for Contractors, Property Managers and Maintenance Personnel
Working in Homes, Child Care Facilities and Schools Built Before
1978. (EPA-740-F-08-003, December 2008).
■ Contractors: Lead Safely During Renovation (EPA 740-F-08-001,
March 2008). This short pamphlet provides a quick summary of
general information on lead safe work practices to contain, minimize
and clean up dust.
■ Protect Your Family from Lead in Your Home (EPA 747-K-99-001,
June 2003). This is a general information pamphlet on lead-based
paint, lead hazards, the effects of lead poisoning and steps you can
take to protect your family.
■ Lead Paint Safety: A Field Guide for Painting, Home Maintenance,
and Renovation Work (HUD-1779-LHC, March 2001). This guide
gives step-by-step instruction on lead safe work practices for
different jobs in the home.
For other resources on lead, visit the following Web sites:
http://www.epa.gov/lead/ — EPA is playing a major role in addressing
residential lead hazards, including deteriorating lead-based paint, lead
contaminated dust and lead contaminated residential soil. This Web site
provides information about lead and lead hazards and provides some
simple steps to protect your family. It contains links to basic information,
as well as more detailed information and documents on lead in the news,
rules and regulations, education and outreach materials, training, and
other lead links.
http://www.hud.gov/offices/lead/ — The U.S. Department of Housing
and Urban Development’s Office of Healthy Homes and Lead Hazard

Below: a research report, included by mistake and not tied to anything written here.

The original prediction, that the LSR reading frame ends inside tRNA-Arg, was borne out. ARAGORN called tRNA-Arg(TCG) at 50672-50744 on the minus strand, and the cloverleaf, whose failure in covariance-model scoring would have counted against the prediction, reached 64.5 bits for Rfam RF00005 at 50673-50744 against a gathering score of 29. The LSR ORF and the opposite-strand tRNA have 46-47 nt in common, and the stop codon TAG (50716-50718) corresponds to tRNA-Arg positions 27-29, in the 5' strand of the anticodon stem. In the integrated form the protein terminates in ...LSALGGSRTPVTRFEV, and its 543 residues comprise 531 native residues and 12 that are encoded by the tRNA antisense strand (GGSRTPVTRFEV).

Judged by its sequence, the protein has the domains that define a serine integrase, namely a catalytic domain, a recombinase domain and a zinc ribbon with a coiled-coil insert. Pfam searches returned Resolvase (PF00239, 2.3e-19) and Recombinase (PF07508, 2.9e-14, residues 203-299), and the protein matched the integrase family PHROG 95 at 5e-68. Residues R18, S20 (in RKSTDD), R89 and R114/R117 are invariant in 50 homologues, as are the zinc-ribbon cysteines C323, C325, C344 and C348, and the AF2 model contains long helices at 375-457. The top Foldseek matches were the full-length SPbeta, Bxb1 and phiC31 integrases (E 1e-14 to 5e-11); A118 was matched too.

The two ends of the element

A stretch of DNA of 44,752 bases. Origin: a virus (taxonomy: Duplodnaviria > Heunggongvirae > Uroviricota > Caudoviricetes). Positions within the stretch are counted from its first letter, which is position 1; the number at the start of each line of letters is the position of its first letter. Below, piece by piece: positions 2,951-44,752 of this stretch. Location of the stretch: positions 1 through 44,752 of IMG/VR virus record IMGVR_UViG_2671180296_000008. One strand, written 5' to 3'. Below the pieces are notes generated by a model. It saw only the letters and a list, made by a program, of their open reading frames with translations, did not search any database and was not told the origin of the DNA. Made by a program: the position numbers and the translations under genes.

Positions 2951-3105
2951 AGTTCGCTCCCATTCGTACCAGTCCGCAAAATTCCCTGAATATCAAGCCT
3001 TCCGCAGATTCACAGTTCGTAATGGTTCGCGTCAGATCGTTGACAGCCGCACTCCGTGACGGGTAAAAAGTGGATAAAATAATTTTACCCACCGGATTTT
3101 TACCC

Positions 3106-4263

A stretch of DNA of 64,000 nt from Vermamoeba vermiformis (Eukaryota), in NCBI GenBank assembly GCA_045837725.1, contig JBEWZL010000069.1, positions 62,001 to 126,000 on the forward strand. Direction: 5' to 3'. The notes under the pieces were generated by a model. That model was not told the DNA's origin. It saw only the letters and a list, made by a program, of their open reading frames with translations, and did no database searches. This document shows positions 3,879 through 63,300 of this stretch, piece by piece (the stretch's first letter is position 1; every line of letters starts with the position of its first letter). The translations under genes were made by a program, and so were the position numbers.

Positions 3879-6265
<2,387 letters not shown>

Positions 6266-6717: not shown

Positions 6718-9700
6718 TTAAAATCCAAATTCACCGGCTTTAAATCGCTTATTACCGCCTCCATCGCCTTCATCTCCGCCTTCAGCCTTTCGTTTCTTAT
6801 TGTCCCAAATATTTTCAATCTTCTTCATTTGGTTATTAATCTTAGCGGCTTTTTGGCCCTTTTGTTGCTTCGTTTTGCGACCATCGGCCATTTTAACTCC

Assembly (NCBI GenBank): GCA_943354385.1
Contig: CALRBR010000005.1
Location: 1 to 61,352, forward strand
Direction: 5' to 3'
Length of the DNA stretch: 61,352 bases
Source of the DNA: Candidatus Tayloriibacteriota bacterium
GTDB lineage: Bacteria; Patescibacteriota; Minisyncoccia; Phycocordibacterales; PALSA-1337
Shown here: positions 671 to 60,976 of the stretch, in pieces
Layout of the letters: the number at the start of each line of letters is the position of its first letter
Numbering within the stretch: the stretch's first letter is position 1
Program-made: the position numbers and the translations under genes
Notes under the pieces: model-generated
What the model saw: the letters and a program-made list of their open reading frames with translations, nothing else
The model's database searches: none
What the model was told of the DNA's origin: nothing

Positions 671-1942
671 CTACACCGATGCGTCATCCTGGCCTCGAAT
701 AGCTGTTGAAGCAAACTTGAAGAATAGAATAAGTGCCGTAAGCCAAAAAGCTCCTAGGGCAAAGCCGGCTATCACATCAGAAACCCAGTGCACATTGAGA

Control (OHHLHC) is unique among federal agencies dealing with lead-
hazards, as it is staffed to bring lead health science to bear directly upon
America’s housing. The site will direct you to resources on lead paint
regulations, training, guidance/technical guidelines and compliance and
http://www.osha.gov/SLTC/lead/index.html — The mission of
the U.S. Department of Labor’s Occupational Safety and Health
Administration (OSHA) is to assure the safety and health of America’s
workers by: setting and enforcing standards; providing training, outreach,
and education; establishing partnerships; and encouraging continual
improvements in workplace safety and health. OSHA has established the
reduction of lead exposure as a high strategic priority. This site contains
links to lead recognition, evaluation, compliance, and training resources.
http://www.cdc.gov/lead — The U.S. Department of Health and
Human Services Centers for Disease Control and Prevention (CDC)
are committed to achieving improvements in people’s health. This site
provides CDC’s compiled information on lead and includes materials and
links for parents, health professionals, researchers, students and others
interested in the topic of lead. The key resources include fact sheets,
guidelines and recommendations and questions and answers.
The pre-renovation education requirements of the Renovation, Repair
and Painting Rule ensure that owners and occupants of pre-1978 homes
and child-occupied facilities are provided information about potential
hazards of lead-based paint exposure before renovations are begun.
Who is affected? The requirements apply to any person paid to do
work that disturbs paint in residential housing or child-occupied facilities
built before 1978. This includes residential rental property owners and
managers, general contractors and special trade contractors such as
painters, plumbers, carpenters and electricians.
What properties are affected? All residential properties and
child-occupied facilities built before 1978 are affected unless they meet
one of the exceptions listed below.
Are there any exceptions? The requirements do not apply to housing
designated for elderly or disabled persons (unless children under age 6
live there), zero-bedroom dwellings (studio apartments, dormitories, etc.),
housing determined to be free of lead-based paint by a lead-based paint
inspection, emergency renovations and repairs, and minor repairs that
disturb less than 6 square feet of paint on interior surfaces or less than
20 square feet of paint on exterior surfaces.
What are the requirements? The Renovation, Repair and Painting Rule